Motivation: The character's reason for doing/not doing something hinges on a flimsy excuse, an elaborate justification, or some other faulty motivation. Rather than creating a struggle we empathize with, the character becomes less likable (selfish, weak, arrogant, too stupid to live) and we get fed up. If we can understand and accept with the motivation, we can empathize with the decision even if we don't agree.
The Fix -- Find a new motivation. Explore your character and really learn what makes them tick. Nine times out of ten, there's already something there waiting to be found that can justify that action without requiring multiple sentences to explain, or inducing fridge logic in your reader. Maybe it's not just that he's angry she left him at the altar. Maybe it's because every single relationship since then has been fraught with mistrust after that betrayal, and she's the cause of all that.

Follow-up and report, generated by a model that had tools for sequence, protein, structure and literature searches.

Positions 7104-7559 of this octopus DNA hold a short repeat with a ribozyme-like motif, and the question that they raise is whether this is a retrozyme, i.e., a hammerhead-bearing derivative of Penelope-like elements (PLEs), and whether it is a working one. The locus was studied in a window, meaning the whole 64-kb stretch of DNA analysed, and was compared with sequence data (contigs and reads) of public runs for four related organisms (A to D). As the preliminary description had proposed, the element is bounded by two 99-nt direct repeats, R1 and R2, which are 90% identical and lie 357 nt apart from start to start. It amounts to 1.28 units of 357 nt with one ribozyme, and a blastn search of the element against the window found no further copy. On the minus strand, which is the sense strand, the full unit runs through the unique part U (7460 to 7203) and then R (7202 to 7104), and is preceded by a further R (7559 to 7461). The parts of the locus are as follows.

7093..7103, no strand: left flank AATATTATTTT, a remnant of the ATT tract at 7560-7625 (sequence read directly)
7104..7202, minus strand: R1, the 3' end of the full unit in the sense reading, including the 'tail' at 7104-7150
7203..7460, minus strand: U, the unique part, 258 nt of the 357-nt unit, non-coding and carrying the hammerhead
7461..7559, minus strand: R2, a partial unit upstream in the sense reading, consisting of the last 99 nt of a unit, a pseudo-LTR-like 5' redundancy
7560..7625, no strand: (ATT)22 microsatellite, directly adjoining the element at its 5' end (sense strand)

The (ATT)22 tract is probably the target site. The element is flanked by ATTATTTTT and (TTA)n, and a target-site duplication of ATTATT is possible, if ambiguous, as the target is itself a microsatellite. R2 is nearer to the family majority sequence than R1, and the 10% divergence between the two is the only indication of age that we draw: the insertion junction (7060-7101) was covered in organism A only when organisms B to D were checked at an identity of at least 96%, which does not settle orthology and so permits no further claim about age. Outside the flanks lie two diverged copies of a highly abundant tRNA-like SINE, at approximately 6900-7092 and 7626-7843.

Emotion: You know in your gut this is right, the scene should flow this way, but when it's all said and done, you've spent two pages of internal monologue afterward narrating the heroine's reasons for why it was such a bad thing and it still doesn't seem convincing. If the emotion is off, if say you wrote the scene passionate but it should have been conflicted, the characters won't react right and the outcome you know should be there may come about forced. The reader should be able to intuit the reason for something without need to justify it or explain it.
The Fix -- Bring new emotion to the scene. Like motivation, the solution is lurking in the character, especially if you feel the moment is ultimately right. This comes down to execution, rather than content. If I may use a WIP of Helena's as an example, she shared at the retreat a lovely dilemma concerning a crucial note never received, and we talked about the reasons for the oversight. If the character was angry she might have thrown the envelope aside in haste. Distraught, she might have stopped reading before the end and not noticed more inside. Heartsick, she'd search every inch of that message for some explanation. With the right emotion we can understand why the crucial bit of information never turned up. Others might raise questions or force explanations.